The most popular recent post on this blog is our piece on how people injure themselves by age, because of course, old people falling off toilets gets more attention than any serious analysis I might do. Statisticians spend a lot of their time with these types of "distributional analyses," with many different methodologies, so it's an interesting topic to tackle. And that database with old people falling off toilets... there's a lot more there.
Most people remember some very basic distributional analysis from school: Mean and Variance (Standard Deviation). There are many other measures that statisticians use in describing distributions, including kurtosis, skew, modal behavior, quantiles, etc. All of these measures are interesting to staticians, and help us more effectively do our jobs. Many times though it's more helpful for both statisticans and non-statisticians to visualize distributions, their differences and similarities.
For this analysis, I extracted data from the same injury database as before, looking at seven common household objects that cause injuries:
- Basketball Equipment
- Soccer Equipment
- Ceilings and Walls
- Sewing Items
Visualizing multiple distributions is fairly easy, and I use two main types of plots: boxplots and violin plots.
A boxplot gives a visual description of several distributional parameters at once, so laid side by side, we can compare different distributions. Here are the basics:
- The "box" itself ranges from the 1st quartile to the 3rd quartile, meaning that 50% of observatoins fall inside the box.
- The line in the middle of the box represents the median, or central observation of the distribution.
- The "whiskers" (lines coming off the plot) represent the range of non-outlier observations. Different boxplot programs handle this function differently.
- The dots (in black) represent outliers.
Here's a set of boxplots of injuries by age and household objects:
This gives us a general idea of the distrbutions, with some interesting outputs:
- Younger people in a tight distribution tend to hurt themselves on athletic equipment.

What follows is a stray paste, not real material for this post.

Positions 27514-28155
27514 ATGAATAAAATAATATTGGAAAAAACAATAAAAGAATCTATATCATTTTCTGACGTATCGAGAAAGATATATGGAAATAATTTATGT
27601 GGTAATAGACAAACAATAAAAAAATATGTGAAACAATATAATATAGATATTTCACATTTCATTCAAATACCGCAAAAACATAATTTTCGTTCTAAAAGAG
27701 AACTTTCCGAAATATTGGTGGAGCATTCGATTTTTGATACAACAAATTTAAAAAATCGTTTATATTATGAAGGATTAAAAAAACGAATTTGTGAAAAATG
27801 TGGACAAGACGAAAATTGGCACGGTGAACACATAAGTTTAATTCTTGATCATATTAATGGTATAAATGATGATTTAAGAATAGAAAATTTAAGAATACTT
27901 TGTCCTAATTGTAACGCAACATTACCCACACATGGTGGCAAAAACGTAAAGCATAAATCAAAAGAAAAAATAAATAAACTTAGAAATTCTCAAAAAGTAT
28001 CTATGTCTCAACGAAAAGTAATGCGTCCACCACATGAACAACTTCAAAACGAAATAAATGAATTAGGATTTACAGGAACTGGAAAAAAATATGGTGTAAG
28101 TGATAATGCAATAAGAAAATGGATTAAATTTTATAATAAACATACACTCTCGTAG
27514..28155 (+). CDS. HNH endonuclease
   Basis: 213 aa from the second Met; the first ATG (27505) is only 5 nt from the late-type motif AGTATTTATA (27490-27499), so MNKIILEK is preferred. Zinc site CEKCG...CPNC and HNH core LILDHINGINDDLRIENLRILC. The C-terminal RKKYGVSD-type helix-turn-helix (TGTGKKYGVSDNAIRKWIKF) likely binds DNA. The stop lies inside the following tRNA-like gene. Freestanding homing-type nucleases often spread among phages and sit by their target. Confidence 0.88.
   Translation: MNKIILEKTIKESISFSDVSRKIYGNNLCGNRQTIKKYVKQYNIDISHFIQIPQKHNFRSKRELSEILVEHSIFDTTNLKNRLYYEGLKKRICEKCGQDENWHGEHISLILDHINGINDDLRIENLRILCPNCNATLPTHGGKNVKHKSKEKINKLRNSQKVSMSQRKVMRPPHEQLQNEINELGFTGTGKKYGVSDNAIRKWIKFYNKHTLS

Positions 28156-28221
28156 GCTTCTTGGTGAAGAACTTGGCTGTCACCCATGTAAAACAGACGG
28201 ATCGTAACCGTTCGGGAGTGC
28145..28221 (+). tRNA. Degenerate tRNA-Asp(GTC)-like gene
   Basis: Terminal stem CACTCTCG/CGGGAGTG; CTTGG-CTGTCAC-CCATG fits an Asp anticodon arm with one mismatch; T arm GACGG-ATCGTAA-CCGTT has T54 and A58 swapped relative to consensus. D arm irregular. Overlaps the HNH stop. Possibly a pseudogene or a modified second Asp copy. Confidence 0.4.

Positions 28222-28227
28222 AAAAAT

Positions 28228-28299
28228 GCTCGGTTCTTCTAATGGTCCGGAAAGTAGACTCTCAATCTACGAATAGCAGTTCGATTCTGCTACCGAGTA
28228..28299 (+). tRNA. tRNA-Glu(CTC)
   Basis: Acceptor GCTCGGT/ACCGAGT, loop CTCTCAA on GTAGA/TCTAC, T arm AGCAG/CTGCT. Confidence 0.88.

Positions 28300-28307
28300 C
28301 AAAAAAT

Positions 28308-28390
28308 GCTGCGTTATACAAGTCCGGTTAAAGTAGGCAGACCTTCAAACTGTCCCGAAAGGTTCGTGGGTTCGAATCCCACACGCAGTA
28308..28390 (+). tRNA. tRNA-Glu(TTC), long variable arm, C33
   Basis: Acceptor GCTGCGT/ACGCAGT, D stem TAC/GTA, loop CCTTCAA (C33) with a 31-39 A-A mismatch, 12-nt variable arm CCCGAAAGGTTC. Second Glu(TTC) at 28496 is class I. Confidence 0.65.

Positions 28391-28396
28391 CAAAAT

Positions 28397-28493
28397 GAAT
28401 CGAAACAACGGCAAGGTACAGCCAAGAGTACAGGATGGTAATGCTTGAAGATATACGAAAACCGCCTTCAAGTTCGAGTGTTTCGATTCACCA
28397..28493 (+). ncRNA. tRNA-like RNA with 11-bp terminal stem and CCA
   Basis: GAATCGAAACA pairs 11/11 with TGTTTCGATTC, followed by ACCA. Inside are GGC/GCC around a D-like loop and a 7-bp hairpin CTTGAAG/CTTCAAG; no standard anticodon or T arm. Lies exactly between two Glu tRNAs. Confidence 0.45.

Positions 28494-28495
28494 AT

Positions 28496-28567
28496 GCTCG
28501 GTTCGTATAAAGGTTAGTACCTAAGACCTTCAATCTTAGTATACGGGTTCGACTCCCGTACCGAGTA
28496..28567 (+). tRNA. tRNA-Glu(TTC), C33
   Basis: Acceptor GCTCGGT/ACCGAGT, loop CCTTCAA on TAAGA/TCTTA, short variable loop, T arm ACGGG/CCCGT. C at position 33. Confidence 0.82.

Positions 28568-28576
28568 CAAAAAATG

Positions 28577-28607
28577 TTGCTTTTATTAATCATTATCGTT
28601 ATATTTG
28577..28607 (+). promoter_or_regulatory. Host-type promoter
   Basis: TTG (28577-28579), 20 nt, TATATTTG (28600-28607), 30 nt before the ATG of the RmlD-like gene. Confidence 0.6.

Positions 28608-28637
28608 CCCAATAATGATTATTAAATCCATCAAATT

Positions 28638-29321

- Beds tend to hurt people of all ages it seems.
- Ceilings and walls (as shown before) seem to hurt people from adolescence into their forties.
This is great, but I still don't know exactly what the underlying distributions look like. Enter the violin plot.
Boxplots are great, but they are still abstract and give us only a few data points to describe a distribution. What if we want to understand more about the entire distribution curve?
The violin plot is a smoothed version of the entire distribution, which gives additional information about the entire distribution. Here's what those look like on the same data as before.
This gives us a little more information on the distributions, showing that athletic injuries tend to center around adolescents, while bicycles modally impact children, but are a low risk throughout adulthood. Additionally we see that the "Beds" distribution is bi-modal, meaning that both young children, and older people are likely to be hurt by beds.
Once again, good information, but there's something better.
The problem with a violin plot is it doesn't give us those common references of distribution (quartiles, median, outliers) like a boxplot. I know nothing is perfect, but what about a violin plot with an embedded boxplot... like this:
Ah, the best of both worlds. Interesting to look at the beds, toilets, and walls plots, where the mode (age where most injuries occur) falls outside of the box. Neither a boxplot nor a violin plot would catch this, but together they do.